(back) Subject: Re: ethics From: "Malcolm Wechsler" <manderusa@earthlink.net> Date: Sun, 11 Apr 2004 14:51:23 -0400   Dear Greg,   Methinks this Organist doth protest too much. I agree with the idea that = this kind of a simplification, which I have not seen either, is not a = fair representation of the art of the composer. I cannot imagine feeling = right or comfortable playing such a thing. I can't, however, quite make = the leap to a point that would make it an insult to Vierne or Widor, or = whomever. When I write my spectacular Toccata, a magnum opus to beat all = magnum(?) opera, always heard on the concert circuit, where it will = become a de rigeur work to program, I want to hear it complete and = unadulterated. But should I be anything but flattered when Miss or Mr. = Left Toe Susie/Sammy plays it in church on Easter Sunday. As a living = (barely) composer, I will have either made or approved the = simplification, and so, hey, there will be a royalty in the sale. I do = think that if my simplification is decently done, Mr. and Mrs. Left Toe = will still have a chance to make a spiritual connection to the composer = - me!   Greg, we got troubles, us and our instrument, but I do not see this = leading "to the Organ being insulted and disrespected even more by other = instrumentalists."   With a touch of uncertainty, my old friend Felix Aprahamian, then doing = a bit of work for Associated Music Publishers, ushered along the = publication of a particularly taxing piece by Jeanne Demessieux, = assuming it would not do well, as so few could ever play it. It sold = like gangbusters, and Felix learned that tons of Organists bought the = piece, just to sit it on the music desks on their instruments, so that = those going by would be really impressed. Most of the scores were never = opened. Does this have relevance to the discussion in hand? I don't = know. I am ready to crash after a brass rehearsal Wednesday, Maundy = Thursday festivities, Good Friday, Holy Saturday full choir rehearsal at = 2, The Vigil until late, and Easter too early! A good time was had by = all, but I am out of fuel right now.   Greg, I think you are so often right on, I look forward to the = refreshment that comes from your postings. I feel like, perhaps, this = time, you were suffering from a bit of Holy Week Shell Shock. If there = was no way my abilities would allow me to play some great toccata in the = repertoire, I would go without, rather than playing a simplified = version, but I am not so quick to condemn others who would. There are = lots of nuances to consider here, including in what circumstances was = this arrangement played.=20   All the best, =20   Malcolm ----- Original Message -----=20 From: Gfc234@aol.com=20 To: pipechat@pipechat.org=20 Sent: Saturday, April 10, 2004 9:19 PM Subject: ethics     In a message dated 4/10/2004 7:42:22 AM Central Daylight Time, = DarrylbytheSea@aol.com writes: I was surprised to see this link to the OHS catalogue: http://www.ohscatalog.org/ohscatalog/orshowmadpla1.html   Although I've purchased a zillion cd's from OHs, I've never = purchased an actual score. I'm curious who is the arranger for these = simplified arrangements and the publisher. Did I miss something? Did anyone else think twice when they saw this book? I have a few = issues with it. I have never seen it-but am going to ASSUME the = following things:   1. It makes the pieces easier by leaving out the tiny details and = virtuosic sections. 2. Most people who would purchase this book are trained organists, = have probably heard, and even "attempted" the works (in their proper = form)-and are looking for an easy way out.   Could the following be possible results?   1. Someone plays a piece in its edited form-and mentions nothing about = it being edited-this means that the organist has MISLEAD his = audience-and ultimately insulted the composer and our instrument. =20 2. Even if the organist does mention that it was edited-the = composer's name will be remembered by the audience-not the editor. = MISLEADING 3. The organist is cheating himself out of the "spiritual" connection = and understanding made with the composer. A connection that can be = attained only through hours of diligent work 4. Could this lead to the organ being insulted and disrespected even = more by other instrumentalists? 5. Does this make the organ and its rich history look bad? 6. Is it disrespectful to the people who have worked hard to learn = the works in their proper form?   One of my teachers once told me, "God is in the details." It's = true... Happy Easter. gfc     Gregory Ceurvorst M.M. Organ Performance Student Northwestern University Director of Music and Organist St. Peter's U.C.C. Frankfort, IL 847.332.2788 home 708.243.2549 mobile gfc234@aol.com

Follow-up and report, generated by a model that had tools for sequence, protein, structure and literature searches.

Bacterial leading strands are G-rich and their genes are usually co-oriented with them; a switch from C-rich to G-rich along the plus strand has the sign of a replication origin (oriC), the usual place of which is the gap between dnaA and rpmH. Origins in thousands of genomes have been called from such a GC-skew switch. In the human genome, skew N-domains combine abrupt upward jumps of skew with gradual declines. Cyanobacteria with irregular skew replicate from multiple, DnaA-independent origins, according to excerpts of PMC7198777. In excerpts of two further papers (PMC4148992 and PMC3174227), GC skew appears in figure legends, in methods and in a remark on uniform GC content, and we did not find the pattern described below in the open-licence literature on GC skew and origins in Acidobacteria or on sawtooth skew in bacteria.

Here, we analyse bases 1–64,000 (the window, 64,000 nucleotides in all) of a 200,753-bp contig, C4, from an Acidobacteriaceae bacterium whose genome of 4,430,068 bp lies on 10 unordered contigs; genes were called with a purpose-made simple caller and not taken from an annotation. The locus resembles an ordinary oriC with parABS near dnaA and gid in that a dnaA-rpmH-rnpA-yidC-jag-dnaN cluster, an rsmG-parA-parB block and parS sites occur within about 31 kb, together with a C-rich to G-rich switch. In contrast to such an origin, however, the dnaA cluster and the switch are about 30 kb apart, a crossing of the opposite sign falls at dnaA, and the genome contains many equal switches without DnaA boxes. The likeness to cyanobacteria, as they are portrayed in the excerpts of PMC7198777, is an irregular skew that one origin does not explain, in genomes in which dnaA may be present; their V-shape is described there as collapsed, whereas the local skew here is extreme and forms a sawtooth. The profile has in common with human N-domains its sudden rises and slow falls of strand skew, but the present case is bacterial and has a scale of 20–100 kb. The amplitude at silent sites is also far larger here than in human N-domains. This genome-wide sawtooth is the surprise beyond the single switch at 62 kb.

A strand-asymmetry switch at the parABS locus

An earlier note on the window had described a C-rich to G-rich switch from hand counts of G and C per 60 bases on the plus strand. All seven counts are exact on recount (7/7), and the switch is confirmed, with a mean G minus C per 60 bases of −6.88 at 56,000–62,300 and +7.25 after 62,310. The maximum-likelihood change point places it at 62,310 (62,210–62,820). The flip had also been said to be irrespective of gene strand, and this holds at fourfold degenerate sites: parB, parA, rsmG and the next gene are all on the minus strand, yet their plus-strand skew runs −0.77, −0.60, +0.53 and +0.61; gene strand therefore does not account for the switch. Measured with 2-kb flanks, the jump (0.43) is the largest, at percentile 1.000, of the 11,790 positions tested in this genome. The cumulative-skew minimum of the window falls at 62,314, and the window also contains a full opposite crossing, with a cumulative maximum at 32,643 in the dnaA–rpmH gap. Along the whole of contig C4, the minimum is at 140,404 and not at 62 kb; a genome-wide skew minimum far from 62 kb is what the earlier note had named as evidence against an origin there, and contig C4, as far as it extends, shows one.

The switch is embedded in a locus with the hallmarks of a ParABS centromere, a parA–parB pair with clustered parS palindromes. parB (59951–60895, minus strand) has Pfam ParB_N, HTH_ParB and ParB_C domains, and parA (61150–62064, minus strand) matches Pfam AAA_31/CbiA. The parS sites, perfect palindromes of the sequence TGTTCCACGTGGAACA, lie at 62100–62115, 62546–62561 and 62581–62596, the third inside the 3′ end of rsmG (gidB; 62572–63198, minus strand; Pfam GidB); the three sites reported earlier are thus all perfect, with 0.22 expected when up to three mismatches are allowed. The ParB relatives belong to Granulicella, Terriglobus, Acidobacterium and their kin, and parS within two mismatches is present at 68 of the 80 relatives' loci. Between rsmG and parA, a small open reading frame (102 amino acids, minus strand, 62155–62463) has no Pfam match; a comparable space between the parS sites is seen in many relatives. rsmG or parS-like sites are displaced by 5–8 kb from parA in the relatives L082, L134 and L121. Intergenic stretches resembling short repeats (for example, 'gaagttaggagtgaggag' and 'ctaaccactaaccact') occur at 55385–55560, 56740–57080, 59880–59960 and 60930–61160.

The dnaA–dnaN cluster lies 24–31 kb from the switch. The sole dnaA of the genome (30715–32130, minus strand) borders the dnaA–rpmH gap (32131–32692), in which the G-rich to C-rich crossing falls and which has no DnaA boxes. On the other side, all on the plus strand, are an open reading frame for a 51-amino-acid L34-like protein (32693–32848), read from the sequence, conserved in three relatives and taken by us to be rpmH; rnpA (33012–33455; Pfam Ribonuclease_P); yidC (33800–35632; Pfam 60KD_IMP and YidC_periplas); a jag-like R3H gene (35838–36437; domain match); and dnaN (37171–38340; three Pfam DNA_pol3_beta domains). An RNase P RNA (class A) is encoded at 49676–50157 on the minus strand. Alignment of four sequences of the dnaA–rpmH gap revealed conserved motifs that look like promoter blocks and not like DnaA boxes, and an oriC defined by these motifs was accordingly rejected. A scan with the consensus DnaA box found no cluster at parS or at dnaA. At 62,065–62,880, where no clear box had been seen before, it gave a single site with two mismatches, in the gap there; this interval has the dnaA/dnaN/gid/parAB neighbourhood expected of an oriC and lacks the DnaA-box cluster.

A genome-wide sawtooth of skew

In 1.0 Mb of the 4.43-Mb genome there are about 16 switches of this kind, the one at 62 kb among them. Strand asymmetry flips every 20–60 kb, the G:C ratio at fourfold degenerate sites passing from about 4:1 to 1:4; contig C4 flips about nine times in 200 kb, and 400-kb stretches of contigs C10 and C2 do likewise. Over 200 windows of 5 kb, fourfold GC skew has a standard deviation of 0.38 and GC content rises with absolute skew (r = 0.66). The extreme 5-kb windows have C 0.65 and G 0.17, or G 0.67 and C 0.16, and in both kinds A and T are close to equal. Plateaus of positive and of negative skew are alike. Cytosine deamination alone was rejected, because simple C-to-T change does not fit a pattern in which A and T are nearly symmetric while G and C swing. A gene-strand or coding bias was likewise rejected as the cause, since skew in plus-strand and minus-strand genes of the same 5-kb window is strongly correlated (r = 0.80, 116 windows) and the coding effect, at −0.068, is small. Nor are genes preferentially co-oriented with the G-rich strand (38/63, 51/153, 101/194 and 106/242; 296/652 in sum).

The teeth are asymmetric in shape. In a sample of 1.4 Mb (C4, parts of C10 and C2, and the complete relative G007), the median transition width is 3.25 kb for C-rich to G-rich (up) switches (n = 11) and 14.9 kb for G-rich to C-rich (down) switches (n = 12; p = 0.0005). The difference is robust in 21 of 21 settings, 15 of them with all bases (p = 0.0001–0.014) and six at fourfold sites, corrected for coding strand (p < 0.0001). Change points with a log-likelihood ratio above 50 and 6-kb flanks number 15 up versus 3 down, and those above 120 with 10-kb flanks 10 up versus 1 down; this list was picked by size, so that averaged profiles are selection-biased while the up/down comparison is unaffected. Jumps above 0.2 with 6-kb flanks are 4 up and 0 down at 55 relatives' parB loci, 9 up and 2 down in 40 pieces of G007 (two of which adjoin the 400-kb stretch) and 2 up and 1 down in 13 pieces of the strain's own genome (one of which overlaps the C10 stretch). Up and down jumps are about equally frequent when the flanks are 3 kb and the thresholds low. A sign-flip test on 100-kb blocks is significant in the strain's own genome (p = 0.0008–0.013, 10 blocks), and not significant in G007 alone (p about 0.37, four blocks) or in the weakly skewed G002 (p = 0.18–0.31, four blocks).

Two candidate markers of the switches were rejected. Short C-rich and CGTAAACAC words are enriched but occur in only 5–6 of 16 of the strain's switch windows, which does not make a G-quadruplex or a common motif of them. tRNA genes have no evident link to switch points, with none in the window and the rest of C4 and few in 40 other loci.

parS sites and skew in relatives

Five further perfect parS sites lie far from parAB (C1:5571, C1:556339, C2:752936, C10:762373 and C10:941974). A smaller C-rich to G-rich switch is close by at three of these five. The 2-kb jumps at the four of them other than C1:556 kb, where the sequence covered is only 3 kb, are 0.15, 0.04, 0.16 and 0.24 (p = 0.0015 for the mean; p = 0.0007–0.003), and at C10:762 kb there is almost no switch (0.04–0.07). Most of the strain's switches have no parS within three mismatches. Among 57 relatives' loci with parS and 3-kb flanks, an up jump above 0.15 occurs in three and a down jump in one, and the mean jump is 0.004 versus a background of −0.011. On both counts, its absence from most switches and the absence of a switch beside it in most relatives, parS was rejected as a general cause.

(back) Subject: Re: ethics From: <Gfc234@aol.com> Date: Sun, 11 Apr 2004 15:01:03 EDT   If there was no way my abilities would allow me to play some great toccata i= n=20 the repertoire, I would go without, rather than playing a simplified version= ,=20 but I am not so quick to condemn others who would. There are lots of nuances= =20 to consider here, including in what circumstances was this arrangement playe= d.=20   =A0 All the best,=A0=A0=A0 =A0 Malcolm   ~~~~~~~~~~~~~~~~~~~~~~~~~~~~~ Malcolm-   Thank you for your kind and well written response! I don't mean to condemn=20 anyone either-I am one of those people that believes that practically anyone= ( who has done some study of the organ) who is willing to do the work is capab= le=20 of playing just about anything-but believe me-I klnow what its like to feel=20 overwhelmed by a work too...(just finished the Vierne Bb Minor=20 toccata-grrrrrrrrrrrrrrrrrrrr) LOL   Happy Easter! gfc